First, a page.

[An earlier version of this story has been updated to account for an oversight.]
Apparently, these two have a thing for sharp objects.
Needles aren’t enough for acupuncturists Kathleen Connolly and Storm Morales. So they’ve decided to team up to open an axe-throwing range in Bohemia.
Axe Island is expected to open some time in November in a 5,000-square-foot facility on Locust Avenue, close to Veterans Highway. It will be the second axe-throwing range to open in the area in recent months, following Molly Hatchets Urban Axe Throwing, which opened in Ronkonkoma in August this summer.
Axe-throwing businesses are popping up in urban locales across the country, but until this summer, Long Islanders needed to travel to Brooklyn to find the closest one. For the uninformed — and let’s face it, most of us Long Islanders are in the dark here — axe throwing is actually pretty basic. And, ahem, a little primal.
Similar to dart throwing and bowling, participants throw in reserved lanes, taking aim at wood targets about 21 feet away. You can throw using one or both hands.
“Just holding the axe handle gives you a little bit of a primal feel,” said Connolly, 42, a former U.S. Marine. “There’s definitely the exhilaration of throwing and the thrill of hitting a target. But there’s also this great body and mind connection thing.
“It’s not a strength thing. It’s not a force thing. It’s like a finesse thing,” added Connolly, who already operates Eastern Sun Holistic Health, a 6,000-square-foot acupuncture, massage and skin care spa in Southold.
Axe Island will feature eight axe-throwing targets in four cages that each accommodate groups of up to 12 throwers. It will be open seven days a week.
The plan also includes a beer and cider bar and a full-service café with espresso and cappuccino.
At first blush, axes and alcohol may not seem like a match made in heaven. But in a controlled environment — including a two-beer limit for throwers and plenty of axe-throwing coaches on hand to provide guidance — it makes for a fun, safe night out.
Connolly and Morales are looking to serve only beer brewed on Long Island, dedicating the bar’s four taps to a different brewer each month. Leading off will be Moustache Brewing Co. from Riverhead, Connolly said.
“We want everything inside to be Long Island,” added Morales, 40, a Bellport Village resident who owns Acupuncture by Storm in Sayville. “Long Island beer, Long Island food.”
Axe-throwing joints are a growing trend in American cities. You’ll find them in New York City, Boston, Chicago, Denver, Detroit, Philadelphia, San Diego, Texas and Florida, among other places. The National Axe Throwing Federation (NATF) estimates that participants worldwide have thrown more than 40 million axes.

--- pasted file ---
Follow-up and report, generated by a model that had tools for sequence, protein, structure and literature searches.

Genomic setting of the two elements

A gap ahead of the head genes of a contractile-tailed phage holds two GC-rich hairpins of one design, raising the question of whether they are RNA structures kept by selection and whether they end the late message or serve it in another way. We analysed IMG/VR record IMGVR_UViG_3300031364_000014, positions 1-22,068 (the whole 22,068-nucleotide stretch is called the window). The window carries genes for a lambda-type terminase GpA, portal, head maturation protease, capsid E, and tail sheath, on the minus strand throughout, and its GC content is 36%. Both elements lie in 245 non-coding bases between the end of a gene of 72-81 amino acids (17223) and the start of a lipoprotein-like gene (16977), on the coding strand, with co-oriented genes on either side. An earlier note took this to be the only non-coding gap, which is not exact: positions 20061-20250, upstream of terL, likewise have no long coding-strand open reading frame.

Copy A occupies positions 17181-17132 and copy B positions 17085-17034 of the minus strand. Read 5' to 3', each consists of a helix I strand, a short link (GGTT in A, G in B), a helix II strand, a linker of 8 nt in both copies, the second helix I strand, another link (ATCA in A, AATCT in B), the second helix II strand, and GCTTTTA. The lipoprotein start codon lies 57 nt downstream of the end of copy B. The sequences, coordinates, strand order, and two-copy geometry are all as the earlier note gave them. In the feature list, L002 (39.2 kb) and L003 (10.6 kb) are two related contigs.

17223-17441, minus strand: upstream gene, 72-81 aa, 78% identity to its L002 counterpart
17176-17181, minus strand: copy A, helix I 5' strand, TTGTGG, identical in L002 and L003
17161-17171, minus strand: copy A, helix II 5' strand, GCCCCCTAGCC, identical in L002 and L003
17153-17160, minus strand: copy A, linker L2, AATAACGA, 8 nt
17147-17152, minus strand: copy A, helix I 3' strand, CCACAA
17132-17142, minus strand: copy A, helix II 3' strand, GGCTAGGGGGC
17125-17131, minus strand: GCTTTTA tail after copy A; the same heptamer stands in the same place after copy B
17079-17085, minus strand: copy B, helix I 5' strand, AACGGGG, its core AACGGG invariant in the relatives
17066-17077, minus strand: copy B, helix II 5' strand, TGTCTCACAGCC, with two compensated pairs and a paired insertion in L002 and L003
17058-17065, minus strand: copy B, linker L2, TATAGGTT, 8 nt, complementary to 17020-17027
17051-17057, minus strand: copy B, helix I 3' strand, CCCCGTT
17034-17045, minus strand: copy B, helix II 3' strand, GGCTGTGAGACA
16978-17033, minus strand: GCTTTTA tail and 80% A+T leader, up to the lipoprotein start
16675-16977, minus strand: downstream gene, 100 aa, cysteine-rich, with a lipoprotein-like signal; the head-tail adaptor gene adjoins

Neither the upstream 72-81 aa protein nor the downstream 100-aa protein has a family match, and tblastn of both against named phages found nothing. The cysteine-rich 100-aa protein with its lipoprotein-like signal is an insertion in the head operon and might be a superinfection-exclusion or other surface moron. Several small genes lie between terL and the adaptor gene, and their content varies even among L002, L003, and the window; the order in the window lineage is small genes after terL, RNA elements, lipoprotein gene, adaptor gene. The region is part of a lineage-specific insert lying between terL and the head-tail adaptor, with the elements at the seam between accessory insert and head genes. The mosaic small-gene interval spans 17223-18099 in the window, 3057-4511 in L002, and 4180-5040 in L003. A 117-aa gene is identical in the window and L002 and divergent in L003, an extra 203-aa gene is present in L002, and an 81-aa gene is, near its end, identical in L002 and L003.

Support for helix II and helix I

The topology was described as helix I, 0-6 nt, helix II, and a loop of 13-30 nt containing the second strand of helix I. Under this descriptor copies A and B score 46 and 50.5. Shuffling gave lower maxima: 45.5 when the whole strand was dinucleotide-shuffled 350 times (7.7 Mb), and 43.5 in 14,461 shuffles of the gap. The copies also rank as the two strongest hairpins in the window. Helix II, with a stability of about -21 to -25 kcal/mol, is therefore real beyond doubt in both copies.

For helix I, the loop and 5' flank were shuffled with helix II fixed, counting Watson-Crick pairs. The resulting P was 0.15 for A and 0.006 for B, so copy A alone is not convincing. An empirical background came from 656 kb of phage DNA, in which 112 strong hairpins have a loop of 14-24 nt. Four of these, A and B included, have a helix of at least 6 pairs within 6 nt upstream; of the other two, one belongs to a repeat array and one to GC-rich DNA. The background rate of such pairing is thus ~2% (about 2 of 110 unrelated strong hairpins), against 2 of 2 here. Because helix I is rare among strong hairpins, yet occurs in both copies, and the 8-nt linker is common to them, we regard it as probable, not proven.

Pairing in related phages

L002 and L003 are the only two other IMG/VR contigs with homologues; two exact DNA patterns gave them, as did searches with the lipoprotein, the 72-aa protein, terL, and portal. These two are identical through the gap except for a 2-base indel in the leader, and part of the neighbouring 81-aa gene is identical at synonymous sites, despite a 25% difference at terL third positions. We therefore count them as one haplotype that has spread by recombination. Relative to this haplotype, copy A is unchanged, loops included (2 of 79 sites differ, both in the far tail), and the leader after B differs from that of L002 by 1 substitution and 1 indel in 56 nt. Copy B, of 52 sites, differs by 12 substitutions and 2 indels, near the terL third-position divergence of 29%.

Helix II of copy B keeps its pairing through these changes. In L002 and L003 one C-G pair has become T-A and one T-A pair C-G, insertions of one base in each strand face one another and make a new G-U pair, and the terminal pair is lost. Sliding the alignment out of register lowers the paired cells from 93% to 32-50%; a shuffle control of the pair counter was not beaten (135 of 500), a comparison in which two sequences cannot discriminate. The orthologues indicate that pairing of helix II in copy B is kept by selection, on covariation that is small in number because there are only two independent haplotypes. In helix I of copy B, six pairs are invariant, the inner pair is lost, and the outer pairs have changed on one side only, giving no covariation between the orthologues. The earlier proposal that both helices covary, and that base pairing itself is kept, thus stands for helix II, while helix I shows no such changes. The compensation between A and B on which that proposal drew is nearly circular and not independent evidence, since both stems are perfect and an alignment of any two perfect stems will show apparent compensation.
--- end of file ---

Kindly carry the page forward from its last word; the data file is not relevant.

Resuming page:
It’s a fun group activity and it’s a bit of a workout. It’s also pretty cool that women and men can compete against each other because axe throwing is a lot more about skill than strength.
Consider that Connolly’s hatchet handle is sparkly and red – and Morales is the first to acknowledge that she stills kicks axe in the cage.
“We’ve studied meditation, Tai Chi and QigOng, which are all great and wonderful things. But I always find that my mind stays very busy,” said Connolly, a 2013 graduate of New York College of Health Professions in Syosset who met Morales, a 2009 alumnus of the same school, when she interned in his Sayville office.
“Once I built the target out in my backyard, I would go out with my coffee in the morning by myself, and throw axes and go into a complete. Zen-like state,” she added.
Morales and Connolly’s new business venture comes less than nine months after they first dipped their toes into the sport.
“He went first, and then he posted pictures on Facebook, and I said, ‘I have to go too!'” Connolly said, remembering Morales’ first axe-throwing night at a range in Greenpoint, Brooklyn, last January. “And then, we had a group of 20 of us go together. Soon, we were building targets for our backyards.”
Morales got so good, so fast that by the summer, he was competing on a national level., hitting tournaments in Denver, Iowa and Florida. Meanwhile, Connolly was trying out axe-throwing ranges across the country, while taking her 15-year-old son Griffin Spikoski — a professional video game player whose moniker is “Sceptic” — to eSports championships.
“This has snowballed very rapidly,” said Morales, who will compete in the World Axe Throwing Championship in Tucson, Arizona, on Dec. 8. Be sure to look for him on ESPN; the network is televising the event.
For Morales — a Connetquot High School graduate who was an NCAA Div. I shot putter, hammer and discus thrower at Stony Brook University — the attraction to the sport is two-fold.
“It was the memory of competing, but I also felt great doing it because it was a form of release,” he said. “So I started introducing it to friends, and they all loved it.'”